||The Life and Death of Divx
The Life and Death of DIVX|
DIVX was introduced and proposed by Circuit City and a Hollywood law firm during the fourth quarter of 1997.
DIVX was intended for the rental market of the movie industry. DIVX was a modified format of the
current DVD technology. DIVX players contained special decoding circuitry and a modem in which to communicate
with the DIVX headquarters (which acted much like your normal video rental store, such as Blockbuster).
DIVX discs could be bought for roughly $5 a piece which in turn
granted the purchaser a total of 2 days to view the disc from the moment the disc was played. Every
additional viewing period could be purchased for roughly $3-$4 or the disc could be bought outright for a remaining
cost of roughly $15 or more (all via credit card). (Note: These are Divx "Silver" discs. Not all discs offered this feature.)
Potentially, it was initially thought that upon its success, this proposal could put many of the traditional video rental companies out of business by transferring all rental
market revenues directly to Digital Video Express and participating studios.
All DIVX discs were NON-playable in all standard DVD players -- which made up the majority of DVD hardware during its market run.
The DIVX people claimed that their technology was meant to co-exist with the current OPEN
DVD market. DIVX intended to be an "additional feature". However, DIVX involved not only
$5 a pop non-returnable "rental" discs, but DIVX "GOLD" and "SILVER" discs. These DIVX discs
served the exact same purpose as OPEN DVD discs by being unlimited in the number of
times they can be viewed (selling for roughly the same price as a standard OPEN DVD disc),
but once again, thy were only viewable on DIVX-ready hardware. This hardly sounded
like an attempt to co-exist with a format that already offered this functionality. This was more like
an attempt at controlling a potentially very lucrative market.
When reading through DIVX propaganda, it was easy to see that a major marketing ploy of theirs
was the notion that, "Now you can easily 'rent' a movie without having to return
it or suffer late charges!" However, the idea of our country's landfills becoming
increasingly populated with discarded DIVX discs raised some questions. Later, the DIVX people
claimed that they put together a procedure for recycling discarded discs. While
there once was no need to return these discs... there soon was.
Circuit City, The Good Guys and Ultimate Electronics carried DIVX.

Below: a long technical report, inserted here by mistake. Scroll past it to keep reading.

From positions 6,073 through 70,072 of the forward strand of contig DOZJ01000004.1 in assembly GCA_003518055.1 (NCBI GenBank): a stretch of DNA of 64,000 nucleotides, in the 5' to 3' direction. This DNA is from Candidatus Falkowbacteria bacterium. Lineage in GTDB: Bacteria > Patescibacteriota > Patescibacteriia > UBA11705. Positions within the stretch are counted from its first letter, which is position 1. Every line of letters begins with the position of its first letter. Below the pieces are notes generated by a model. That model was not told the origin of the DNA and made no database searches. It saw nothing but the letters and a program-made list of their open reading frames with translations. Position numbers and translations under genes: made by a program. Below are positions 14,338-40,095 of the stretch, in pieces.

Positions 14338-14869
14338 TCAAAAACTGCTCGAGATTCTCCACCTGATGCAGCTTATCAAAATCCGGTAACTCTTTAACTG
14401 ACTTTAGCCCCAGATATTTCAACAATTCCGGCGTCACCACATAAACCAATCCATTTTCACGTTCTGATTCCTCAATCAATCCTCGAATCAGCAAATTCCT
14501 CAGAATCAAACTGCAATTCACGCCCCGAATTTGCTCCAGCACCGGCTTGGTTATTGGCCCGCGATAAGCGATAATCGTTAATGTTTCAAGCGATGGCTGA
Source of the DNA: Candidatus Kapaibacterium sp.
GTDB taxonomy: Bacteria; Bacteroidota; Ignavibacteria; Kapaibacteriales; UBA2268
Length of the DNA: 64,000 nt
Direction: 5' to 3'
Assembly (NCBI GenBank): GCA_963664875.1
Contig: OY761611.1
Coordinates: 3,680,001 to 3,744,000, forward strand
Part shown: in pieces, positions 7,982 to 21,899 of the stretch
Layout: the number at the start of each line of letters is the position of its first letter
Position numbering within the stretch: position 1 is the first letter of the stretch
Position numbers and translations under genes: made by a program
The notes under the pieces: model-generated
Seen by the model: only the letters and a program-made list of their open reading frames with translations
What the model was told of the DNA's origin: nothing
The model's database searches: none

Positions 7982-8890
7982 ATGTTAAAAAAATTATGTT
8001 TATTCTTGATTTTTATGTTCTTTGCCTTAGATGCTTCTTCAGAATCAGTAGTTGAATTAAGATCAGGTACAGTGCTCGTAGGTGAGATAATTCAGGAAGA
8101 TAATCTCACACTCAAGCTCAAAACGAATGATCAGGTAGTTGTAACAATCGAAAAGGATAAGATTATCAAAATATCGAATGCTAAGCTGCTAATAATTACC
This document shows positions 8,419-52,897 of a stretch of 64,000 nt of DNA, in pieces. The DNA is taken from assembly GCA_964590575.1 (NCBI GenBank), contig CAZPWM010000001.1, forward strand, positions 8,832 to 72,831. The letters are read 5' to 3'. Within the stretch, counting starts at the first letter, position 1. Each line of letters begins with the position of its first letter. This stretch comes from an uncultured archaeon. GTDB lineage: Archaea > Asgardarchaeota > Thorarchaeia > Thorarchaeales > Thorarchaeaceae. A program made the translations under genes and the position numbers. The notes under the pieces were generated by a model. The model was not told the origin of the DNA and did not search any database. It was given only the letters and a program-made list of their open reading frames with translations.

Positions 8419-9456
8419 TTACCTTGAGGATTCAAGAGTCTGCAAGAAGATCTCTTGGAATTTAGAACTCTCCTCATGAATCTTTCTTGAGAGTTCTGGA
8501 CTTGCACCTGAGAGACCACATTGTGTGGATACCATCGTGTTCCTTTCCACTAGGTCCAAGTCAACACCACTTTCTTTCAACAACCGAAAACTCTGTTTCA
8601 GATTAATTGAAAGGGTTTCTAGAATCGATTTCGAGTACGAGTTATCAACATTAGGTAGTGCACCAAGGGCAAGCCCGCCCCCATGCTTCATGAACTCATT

Matsushita, Zenith, Harmon Kardon, RCA/Proscan, and others had announced that they would be releasing DIVX DVD
players in '98-'99. Nothing of outstanding quality ever came to be.
Paramount, Disney, Fox, Universal, MGM, and Dreamworks announced they
would be releasing films on DIVX. In turn, these companies were to be given a collective sum of $100 million over
the next five years for their participation. Inevitably, Divx did not last for even two years of that time.
Circuit City was a major player in DIVX and had roughly $200 million invested (not including
an initial $30 million over the last three years and not including ANY of the millions invested as compensation to DIVX participating studios)
allowing them 65% ownership (the other 35% belonging to the LA based law firm). At the time,
Circuit City still sold standard DVD players - all of which were to become completely obsolete
should their investment succeeded by meeting their ultimate and primary goal.
DIVX sales were never discussed in detail. Only a reference to their total players sold was ever really mentioned.
The key factor in the success of this format would be the number of accounts avtivated. Apparently, this unknown
number of activated accounts was not enough to keep the ball rolling.
During the Divx run, R. Sharp showed dissatisfaction (perhaps a lack of confidence) with DIVX's involvement with Zenith. The RCA and Proscan players were to be a DIVX-hopeful step forward.|
R. Sharp had also admitted that DIVX's advertising budget would eventuallly be scaled back 40% from $100 million to $60 million, for its launch.|
Such a proposal at the time left the consumer in confusion. Confusion is simply not good for the success of ANY new technology.
Final OPEN DVD Hold Outs:|
For a long time there were a number of studios that announced they would release films to Divx with no mention
of what was to come for standard DVD. This further angered early adopters of the format as they were now faced with
the fact that their expensive machines may never get a chance to see the light of many studio films. Eventually,